Can my wife claim miscarriage compensation for an infection sustained after an evacuation of retained products of conception procedure?
A miscarriage is a highly distressing experience, and having to undergo ERPC surgery can add to that distress. For some it is a better choice to make, as it should ensure the minimum amount of physical pain and suffering is experienced. Although an evacuation of the retained products of conception surgical procedure is relatively quick and straightforward, it is an invasive surgical procedure and as such it does carry a slight risk of infection.
ERPC treatment should actually reduce the chances of an infection being contracted compared to a miscarriage that is allowed to occur naturally, and it is why this procedure is often prescribed by doctors. However if the procedure has not been performed correctly and pregnancy tissues remain in the uterus, the risk of infection is increased. Incorrectly performed ERPC procedures due to inattentiveness or incompetence of the surgeon that are not thorough, or that directly cause an infection, can form the basis of a miscarriage compensation claim for the infection.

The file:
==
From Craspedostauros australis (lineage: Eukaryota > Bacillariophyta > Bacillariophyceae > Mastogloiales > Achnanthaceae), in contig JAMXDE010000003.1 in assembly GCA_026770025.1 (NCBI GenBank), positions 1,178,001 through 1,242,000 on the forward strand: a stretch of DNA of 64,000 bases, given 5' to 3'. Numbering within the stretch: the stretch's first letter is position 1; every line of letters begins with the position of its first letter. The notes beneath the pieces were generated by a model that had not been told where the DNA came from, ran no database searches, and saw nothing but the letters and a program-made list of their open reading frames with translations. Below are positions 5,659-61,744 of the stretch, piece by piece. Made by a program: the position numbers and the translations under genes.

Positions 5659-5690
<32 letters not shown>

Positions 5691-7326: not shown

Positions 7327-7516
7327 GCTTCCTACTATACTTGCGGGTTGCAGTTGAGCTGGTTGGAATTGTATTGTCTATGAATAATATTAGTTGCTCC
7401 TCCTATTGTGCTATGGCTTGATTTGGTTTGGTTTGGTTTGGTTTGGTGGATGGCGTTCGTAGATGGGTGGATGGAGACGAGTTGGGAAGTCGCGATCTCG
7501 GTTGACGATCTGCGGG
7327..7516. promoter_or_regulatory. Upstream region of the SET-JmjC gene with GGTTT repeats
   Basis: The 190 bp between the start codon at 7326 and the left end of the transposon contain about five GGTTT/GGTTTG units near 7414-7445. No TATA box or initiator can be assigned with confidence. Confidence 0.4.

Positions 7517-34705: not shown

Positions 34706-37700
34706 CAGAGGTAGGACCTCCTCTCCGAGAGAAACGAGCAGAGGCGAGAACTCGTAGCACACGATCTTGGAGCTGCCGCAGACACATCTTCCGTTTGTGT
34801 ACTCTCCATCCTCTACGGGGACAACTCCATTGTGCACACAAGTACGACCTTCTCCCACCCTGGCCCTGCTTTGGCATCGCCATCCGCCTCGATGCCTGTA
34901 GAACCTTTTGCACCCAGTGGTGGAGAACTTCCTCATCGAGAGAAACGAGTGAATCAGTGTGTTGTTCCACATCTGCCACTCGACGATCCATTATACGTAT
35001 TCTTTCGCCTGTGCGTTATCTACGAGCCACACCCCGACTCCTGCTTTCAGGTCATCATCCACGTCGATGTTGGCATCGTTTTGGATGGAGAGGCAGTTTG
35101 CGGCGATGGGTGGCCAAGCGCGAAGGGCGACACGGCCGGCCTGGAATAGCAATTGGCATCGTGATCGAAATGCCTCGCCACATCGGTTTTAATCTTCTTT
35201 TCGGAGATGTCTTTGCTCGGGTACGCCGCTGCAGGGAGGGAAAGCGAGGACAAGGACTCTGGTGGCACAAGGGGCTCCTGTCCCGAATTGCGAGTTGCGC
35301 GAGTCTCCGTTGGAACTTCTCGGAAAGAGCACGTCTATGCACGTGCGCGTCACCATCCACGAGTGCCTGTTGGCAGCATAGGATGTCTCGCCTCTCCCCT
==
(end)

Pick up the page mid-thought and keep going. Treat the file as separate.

Provided that it can be proven ‘on the balance of probabilities’ that this was the case and that the procedure involved a breach in a duty of care to your wife, a claim for miscarriage compensation should be possible.
Obtaining proof of this may be complicated however, as medical experts will be required to assess your wife’s condition and will have to determine that a procedure was not carried out correctly. A medical negligence solicitor would be able to arrange to have the best medical experts look at the case, perform the necessary examinations, and thoroughly checked your wife’s medical records for any indications of negligence.
Your wife should have been informed by a doctor that there was a risk associated with the procedure, and that an infection was possible. If the doctor has failed to advise your wife of the risks it may amount to medical negligence and, if this can be proven, then a claim for miscarriage compensation will be possible for the infection she contracted. If your wife was advised of the risks, and no errors in the procedure can be proven, there may be no grounds for making a miscarriage compensation claim for infection.